am trying to differentiate these equations
$\displaystyle y = tan^2(x)^3 + cos 2x$ and
$\displaystyle y=(e^x)^2/ln(2x)$
U substitution is a topic for integration, not differentiation. If you can show us your work, we will be more than happy to help point you in the right direction.
You may also want to check out this link, which covers product, quotient and chain rules for differentiation: Product Rule, Quotient Rule, and Chain Rule Tutorial
Just in case a picture helps...
... where
... is the chain rule. Straight continuous lines differentiate downwards (integrate up) with respect to x, and the straight dashed line similarly but with respect to the dashed balloon expression (which is the inner function of the composite and hence subject to the chain rule).
Spoiler:
________________________________________
Don't integrate - balloontegrate!
Balloon Calculus: Standard Integrals, Derivatives and Methods
Balloon Calculus Drawing with LaTeX and Asymptote!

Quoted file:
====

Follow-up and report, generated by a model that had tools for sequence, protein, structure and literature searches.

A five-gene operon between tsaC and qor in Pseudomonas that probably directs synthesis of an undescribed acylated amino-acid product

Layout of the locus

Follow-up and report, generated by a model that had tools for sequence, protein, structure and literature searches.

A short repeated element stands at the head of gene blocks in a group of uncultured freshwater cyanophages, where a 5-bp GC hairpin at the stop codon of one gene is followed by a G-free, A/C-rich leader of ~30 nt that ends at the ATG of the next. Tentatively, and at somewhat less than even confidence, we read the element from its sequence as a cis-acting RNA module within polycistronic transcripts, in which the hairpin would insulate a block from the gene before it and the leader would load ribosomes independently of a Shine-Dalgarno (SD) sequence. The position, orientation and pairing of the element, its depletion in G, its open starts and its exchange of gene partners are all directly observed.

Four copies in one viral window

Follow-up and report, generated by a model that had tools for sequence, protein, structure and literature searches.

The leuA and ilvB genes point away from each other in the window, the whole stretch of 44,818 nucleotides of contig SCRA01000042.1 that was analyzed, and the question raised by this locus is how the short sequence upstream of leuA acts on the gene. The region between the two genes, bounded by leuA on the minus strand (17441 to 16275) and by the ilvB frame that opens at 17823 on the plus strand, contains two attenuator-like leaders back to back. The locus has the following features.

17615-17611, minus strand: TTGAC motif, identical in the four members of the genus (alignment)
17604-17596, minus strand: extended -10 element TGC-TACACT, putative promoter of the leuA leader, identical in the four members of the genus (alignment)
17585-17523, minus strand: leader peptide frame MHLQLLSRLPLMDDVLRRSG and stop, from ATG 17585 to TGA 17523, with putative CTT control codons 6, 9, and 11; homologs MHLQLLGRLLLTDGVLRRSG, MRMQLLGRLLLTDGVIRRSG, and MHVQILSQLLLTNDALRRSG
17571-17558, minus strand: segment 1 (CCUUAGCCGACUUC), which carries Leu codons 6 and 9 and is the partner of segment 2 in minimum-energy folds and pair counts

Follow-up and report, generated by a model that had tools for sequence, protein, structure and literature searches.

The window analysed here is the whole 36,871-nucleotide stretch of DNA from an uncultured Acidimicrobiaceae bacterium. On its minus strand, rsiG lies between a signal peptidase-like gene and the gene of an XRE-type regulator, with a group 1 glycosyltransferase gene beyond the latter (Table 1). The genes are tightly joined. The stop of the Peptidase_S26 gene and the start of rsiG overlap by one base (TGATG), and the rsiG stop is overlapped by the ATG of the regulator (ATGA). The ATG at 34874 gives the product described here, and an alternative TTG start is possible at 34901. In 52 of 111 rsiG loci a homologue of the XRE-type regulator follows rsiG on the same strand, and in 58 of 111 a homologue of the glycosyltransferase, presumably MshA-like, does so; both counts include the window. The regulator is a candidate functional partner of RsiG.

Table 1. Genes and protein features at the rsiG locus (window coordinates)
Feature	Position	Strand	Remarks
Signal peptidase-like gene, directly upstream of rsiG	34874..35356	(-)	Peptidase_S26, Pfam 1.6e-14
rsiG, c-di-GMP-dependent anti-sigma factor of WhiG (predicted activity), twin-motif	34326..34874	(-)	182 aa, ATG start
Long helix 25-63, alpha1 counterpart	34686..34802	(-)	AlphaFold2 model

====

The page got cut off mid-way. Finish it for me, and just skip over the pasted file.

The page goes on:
1. the derivative of $\displaystyle tan^{2}(x)^3 = 2tan(x^3)sec^2(x^3) 3x^2$
Likewise find out the derivaitve of $\displaystyle cos2x$ and add them up
2. try the quotient rule, show how much effort you put on this problem. Post if you have any errors and they will be fixed.
I'll help you a bit with the first one to get you started
$\displaystyle y = tan^2(x)^3 + cos 2x$
Now let $\displaystyle p = tan^2(x)^3, q = cos2x$
We want Y` so
$\displaystyle y` = p` + q`$
This makes it easy, all we need to do is differentiate P and Q seperately and then add them up!
Well Q` is fairly easy
$\displaystyle q` = -2sin2x $
I leave $\displaystyle tan^2(x)^3$ to you. But I would like to let you know that
$\displaystyle Tan^2x = Sin^2x/Cos^2x $
This might make it easiar to apply quotient rule?